By MICHAEL VIRTANEN
ALBANY (AP) - Gov. Andrew Cuomo has proposed toughening the penalties for child abuse, expanding food stamp benefits, and granting bail based on safety considerations among initiatives for the coming year.
Amid the Democratic governor’s major proposals this week to address homelessness, aging infrastructure and renewable energy, his budget plan contains many others ranging from new food certifications and home health care to another legislative attempt to establish an independent counsel to investigate civilian deaths at the hands of police.
Cuomo has proposed making criminal child abuse a felony, saying abusers too often don’t go to prison even after disturbing violent crimes.
The governor’s office says national data show 679,000 children were subject to substantiated maltreatment in 2013.
Each year, he says New York gets about 8,500 cases of alleged abuse by parents or caregivers and the problem is “more alarming than we know.” According to the federal Centers for Disease Control, many cases are not reported to police or social services.
Cuomo plans to propose a new felony with a penalty up to seven years in prison for endangering the welfare of a child, currently a misdemeanor.
That would apply to a serious offense by a repeat offender.
The federal Supplemental Nutrition Assistance Program, or SNAP, administered by the state and county governments, provides food money to about three million New Yorkers, according to the governor’s office.
Eligibility is determined by income and household size.
Cuomo proposes raising the initial gross income threshold, requiring household income less than 130 percent of the federal poverty level.
He called for raising the threshold to 150 percent, saying it would make another 750,000 households eligible and deliver an estimated $688.5 million in additional benefits without any attendant increase in state or county costs.
Cuomo proposed requiring by law that judges consider the risk to public safety when deciding whether to release and set bail for a defendant, saying most states do this with more people released without any increase in crime.
New York is one of only four states that doesn’t do that, according to the governor’s office. The result is that people who present no safety risk remain jailed because they’re poor while others who may be dangerous are able to post bail.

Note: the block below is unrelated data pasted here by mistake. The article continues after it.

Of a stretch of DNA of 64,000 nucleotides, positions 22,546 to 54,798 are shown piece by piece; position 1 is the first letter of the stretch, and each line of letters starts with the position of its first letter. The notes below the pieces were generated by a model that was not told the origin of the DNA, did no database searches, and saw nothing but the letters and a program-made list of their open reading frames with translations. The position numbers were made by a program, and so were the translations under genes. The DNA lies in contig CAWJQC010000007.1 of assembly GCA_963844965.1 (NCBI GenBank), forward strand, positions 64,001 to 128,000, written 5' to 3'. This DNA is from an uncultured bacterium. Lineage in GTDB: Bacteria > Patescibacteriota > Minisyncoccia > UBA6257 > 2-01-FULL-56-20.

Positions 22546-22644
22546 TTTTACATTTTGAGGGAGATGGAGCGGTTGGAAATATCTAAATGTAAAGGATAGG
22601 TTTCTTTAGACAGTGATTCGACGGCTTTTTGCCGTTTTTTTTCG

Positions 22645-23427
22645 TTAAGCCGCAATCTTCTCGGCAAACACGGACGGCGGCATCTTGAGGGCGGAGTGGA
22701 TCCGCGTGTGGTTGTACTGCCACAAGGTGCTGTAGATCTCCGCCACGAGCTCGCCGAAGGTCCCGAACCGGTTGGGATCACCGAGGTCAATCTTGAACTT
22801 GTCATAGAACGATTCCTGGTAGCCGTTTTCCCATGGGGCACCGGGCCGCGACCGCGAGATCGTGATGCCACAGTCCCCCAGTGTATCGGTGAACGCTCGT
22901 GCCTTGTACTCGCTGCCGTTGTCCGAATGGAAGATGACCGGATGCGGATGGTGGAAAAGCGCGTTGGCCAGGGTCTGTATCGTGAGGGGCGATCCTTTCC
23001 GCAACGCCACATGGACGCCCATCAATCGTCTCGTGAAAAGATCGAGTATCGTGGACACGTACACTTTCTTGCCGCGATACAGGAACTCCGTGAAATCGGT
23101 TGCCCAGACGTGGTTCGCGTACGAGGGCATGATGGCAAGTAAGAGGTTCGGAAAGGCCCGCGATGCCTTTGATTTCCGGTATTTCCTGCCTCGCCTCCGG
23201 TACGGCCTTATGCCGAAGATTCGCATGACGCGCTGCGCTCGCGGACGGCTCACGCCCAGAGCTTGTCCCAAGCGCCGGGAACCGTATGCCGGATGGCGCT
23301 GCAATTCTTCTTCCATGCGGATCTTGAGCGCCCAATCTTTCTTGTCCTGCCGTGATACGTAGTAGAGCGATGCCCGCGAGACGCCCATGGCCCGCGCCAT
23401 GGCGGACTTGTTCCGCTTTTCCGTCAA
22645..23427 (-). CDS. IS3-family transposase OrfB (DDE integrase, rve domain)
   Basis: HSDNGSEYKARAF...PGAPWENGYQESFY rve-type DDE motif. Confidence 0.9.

New York requires judges consider defendants’ risk of flight in determining bail, not their risk to public safety,
Chief Judge Jonathan Lippman, who has since retired, last year ordered further oversight and review of bail decisions in New York City courts.
State data show that in the city, about 50,000 people are jailed because they can’t make bail every year, and more than half of them stay in jail until their trials, sometimes years later, Lippman said.
Cuomo said the marketplace is flooded with claims that foods are “natural” or produced “without pesticides” or other claims that are unverified or meaningless.
Following an advisory committee established last year to examine misbranding, Cuomo promised to establish the New York State Certified High Quality Initiative to establish a seal available to producers who voluntarily maintain certain agricultural practice plans.
New York will launch an advertising campaign to tell consumers to look for foods with the seal, according to the governor’s office.
State agricultural inspectors are expected to conduct on-site inspections with more food samples taken for testing at state laboratories.
HOME HEALTH CARE
The Cuomo administration is proposing legislation for home health aides to get authorized to perform certain advanced health care tasks for patients under the supervision of a Registered Nurse.